The Puck Building is a 19th century building in Lower Manhattan, New York. It houses grand ballrooms, office space, and NYU classrooms and is a designated landmark structure. This designation presented a challenge for Handi-Lift, Inc. when they were hired to install a platform lift.
Standard outdoor controls for the lift would not be approved by the Landmarks Commission, so Handi-Lift devised a solution, placing the controls inside of the building. Another issue arose from the unique flooring. The architect planned to place the wheelchair lift on stairs and sidewalk made of cast iron and glass. To address concerns about adequate support for the heavy equipment, Handi-Lift worked closely with the other trades to locate and install a steel support system.
Handi-Lift installed the platform lift with proper structural support and custom iron work to blend in with the cast iron and glass staircase. These clever solutions and teamwork earned the approval for the lift from the Landmarks Commission, the Department of Buildings, and the Elevator Division.
The Puck Building is a turn of the century structure with a cast-iron stairs from the street level to the entry doors. The sidewalk in front of the building has a series of large panels of cast iron and glass bullseyes. These cast iron and glass panels form the sidewalk as well as the ceiling of the cellar space below, which made it possible to use natural light to illuminate the cellar.
The entryway to the building presented a problem in where to locate the drive machine for the accessibility lift. If the drive were on the landing at the top, it would interfere with pedestrian traffic patterns. If it were located on the sidewalk, excessive space would be taken up by the lift platform and drive box. Both options would also be aesthetic concerns from the local Landmarks Commission.
Handi-Lift, Inc's CEO, Doug Boydston and Dean Colucci, project sales engineer, designed a system that would allow the tube structure the lift rides on to make a 90-degree turn at the top of the stairs and penetrate the building wall. This would allow the driving machine to be located inside the building, thus protecting the drive from the weather and solving the aesthetic landmark issue. The support towers for the tubes were mounted through the staircase to steel supports in the cellar, which provided adequate support. Where the towers had to traverse the cast iron and glass, there were serious concerns as to whether the panels were of sufficient strength.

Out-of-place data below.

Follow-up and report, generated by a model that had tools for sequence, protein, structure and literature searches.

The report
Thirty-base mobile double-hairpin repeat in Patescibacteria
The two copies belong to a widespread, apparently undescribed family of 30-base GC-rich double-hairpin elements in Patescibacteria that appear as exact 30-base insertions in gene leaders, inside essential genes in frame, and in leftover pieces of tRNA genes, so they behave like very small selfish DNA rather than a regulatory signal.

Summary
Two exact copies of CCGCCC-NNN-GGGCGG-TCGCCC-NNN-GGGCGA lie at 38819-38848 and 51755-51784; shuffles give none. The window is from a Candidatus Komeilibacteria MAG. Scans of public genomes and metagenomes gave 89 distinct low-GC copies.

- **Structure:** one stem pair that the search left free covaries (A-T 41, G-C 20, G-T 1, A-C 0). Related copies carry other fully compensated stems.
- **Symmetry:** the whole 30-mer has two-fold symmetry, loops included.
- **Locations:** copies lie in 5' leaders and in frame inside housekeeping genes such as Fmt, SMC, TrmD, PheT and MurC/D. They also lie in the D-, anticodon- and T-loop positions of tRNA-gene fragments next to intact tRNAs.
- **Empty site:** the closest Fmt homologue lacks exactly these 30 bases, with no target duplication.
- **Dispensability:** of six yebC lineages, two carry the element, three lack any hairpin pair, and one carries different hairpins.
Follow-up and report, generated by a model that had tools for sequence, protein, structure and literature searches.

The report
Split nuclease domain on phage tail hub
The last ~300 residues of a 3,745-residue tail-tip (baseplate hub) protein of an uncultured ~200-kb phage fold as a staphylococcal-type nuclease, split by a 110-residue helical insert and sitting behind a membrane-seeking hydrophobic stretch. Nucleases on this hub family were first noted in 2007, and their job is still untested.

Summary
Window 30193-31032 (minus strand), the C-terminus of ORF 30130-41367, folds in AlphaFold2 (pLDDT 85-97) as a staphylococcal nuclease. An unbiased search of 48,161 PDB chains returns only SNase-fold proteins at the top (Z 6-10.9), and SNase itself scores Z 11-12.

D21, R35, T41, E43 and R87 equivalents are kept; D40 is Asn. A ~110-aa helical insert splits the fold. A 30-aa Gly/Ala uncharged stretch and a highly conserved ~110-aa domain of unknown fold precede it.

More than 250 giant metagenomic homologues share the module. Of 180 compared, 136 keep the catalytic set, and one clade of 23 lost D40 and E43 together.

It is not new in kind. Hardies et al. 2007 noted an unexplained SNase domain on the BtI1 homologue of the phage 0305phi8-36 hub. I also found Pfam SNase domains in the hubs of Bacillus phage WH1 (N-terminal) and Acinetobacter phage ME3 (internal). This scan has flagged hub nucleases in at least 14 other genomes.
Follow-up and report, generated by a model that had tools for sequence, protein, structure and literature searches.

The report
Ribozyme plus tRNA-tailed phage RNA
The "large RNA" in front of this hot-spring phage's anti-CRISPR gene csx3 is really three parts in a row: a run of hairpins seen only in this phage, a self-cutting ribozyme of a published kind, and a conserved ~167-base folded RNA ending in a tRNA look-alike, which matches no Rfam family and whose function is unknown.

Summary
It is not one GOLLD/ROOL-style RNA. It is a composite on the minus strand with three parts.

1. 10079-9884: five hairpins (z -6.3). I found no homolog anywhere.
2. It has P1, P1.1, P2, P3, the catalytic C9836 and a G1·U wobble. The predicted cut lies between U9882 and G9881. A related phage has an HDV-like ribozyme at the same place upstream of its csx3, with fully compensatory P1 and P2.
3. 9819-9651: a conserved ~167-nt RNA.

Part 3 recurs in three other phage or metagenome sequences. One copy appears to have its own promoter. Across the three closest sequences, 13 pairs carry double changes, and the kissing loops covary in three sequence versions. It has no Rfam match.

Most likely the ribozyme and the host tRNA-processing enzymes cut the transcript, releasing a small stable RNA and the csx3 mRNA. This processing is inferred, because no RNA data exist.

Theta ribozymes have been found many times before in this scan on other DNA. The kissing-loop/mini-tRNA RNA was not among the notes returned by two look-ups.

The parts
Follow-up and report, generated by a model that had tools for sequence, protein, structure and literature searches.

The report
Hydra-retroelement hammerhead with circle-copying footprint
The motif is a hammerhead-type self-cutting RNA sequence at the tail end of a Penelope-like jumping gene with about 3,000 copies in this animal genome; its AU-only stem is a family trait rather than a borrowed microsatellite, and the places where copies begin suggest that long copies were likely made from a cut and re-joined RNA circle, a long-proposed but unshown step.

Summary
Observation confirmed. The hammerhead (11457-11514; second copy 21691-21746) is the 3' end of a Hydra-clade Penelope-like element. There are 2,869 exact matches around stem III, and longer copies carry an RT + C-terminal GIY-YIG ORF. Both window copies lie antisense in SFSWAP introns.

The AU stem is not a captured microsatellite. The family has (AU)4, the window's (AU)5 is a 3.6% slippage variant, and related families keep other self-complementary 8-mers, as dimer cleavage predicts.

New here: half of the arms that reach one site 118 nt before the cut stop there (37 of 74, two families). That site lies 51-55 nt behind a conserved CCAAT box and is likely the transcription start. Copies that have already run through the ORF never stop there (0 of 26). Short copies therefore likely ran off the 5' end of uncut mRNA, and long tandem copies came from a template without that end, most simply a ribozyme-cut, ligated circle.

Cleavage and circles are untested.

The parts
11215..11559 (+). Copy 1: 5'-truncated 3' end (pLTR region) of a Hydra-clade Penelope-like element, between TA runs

Handi-Lift worked with the architect, Patrick Hebert of Vincent Benic Architects, to design a system to support the lift from beneath the sidewalk. The architects gave Handi-Lift a detailed layout of the space beneath the sidewalk, which the contractor turned into fully dimensioned shop drawings. Polteam Renovation Corp., the general contractor, then used the drawings to locate a structural steel support system designed by the architect that the lift towers could be fastened to. At the appropriate locations marked out by Handi-Lift, Polteam core drilled the sidewalk to allow the lift support tubes to pass through the sidewalk and be welded to the steel support system beneath. After the support towers were welded, escutcheon plates were installed an caulked in place with silicone.
The entire support system and hardware were fabricated out of stainless steel and powder-coat finished in black to match the existing staircase and railing. The lift platform stores at the bottom and folds up against the railing, minimizing any visual impact. The tubes travel along the sidewalk rail, then turn and go up the side of the stairs. The lift discharges the passenger at the top step, while the tubes continue and turn 90 degrees into the wall.
The system operates via a VVVF motor-controlled gearbox and drive cog located in the drive cabinet. The stainless-steel tubes contain a haul cable with insulated balls that travel through the drive box and over a drive cog. The upper tube is slotted on the underside to allow the lift platform to be attached to the cable. Thus, when the drive cog turns, it in effect becomes a sprocket, and the cable with the balls becomes a chain. The lift is moved along with the cable. The cable is comprised of two pieces spliced together to make a continuous piece. The upper cable is connected to the lift; the lower cable contains swaged-on, conical shaped pieces that allow the safety dogs to engage should there be a broken cable.
The controls are dedicated micro-processor based and obtain location information from an absolute encoder, which is programmed to count pulses from landing to landing as well as to each slowdown point. The system is powered by 24VDC sent down the cable, with the tube itself being ground. The serial communications with the lift platform are superimposed on the cable also.
The lift carriage has two sets of carriages on a swivel mount with the rollers it rides on, and upthrust rollers to precent derailing. With the movable carriages, precise computer-bent tubes and the cable drive system, the Artira is capable of navigating helical bents, landings in mid-stair as well as doing a 180-degree turn to park out of the way.
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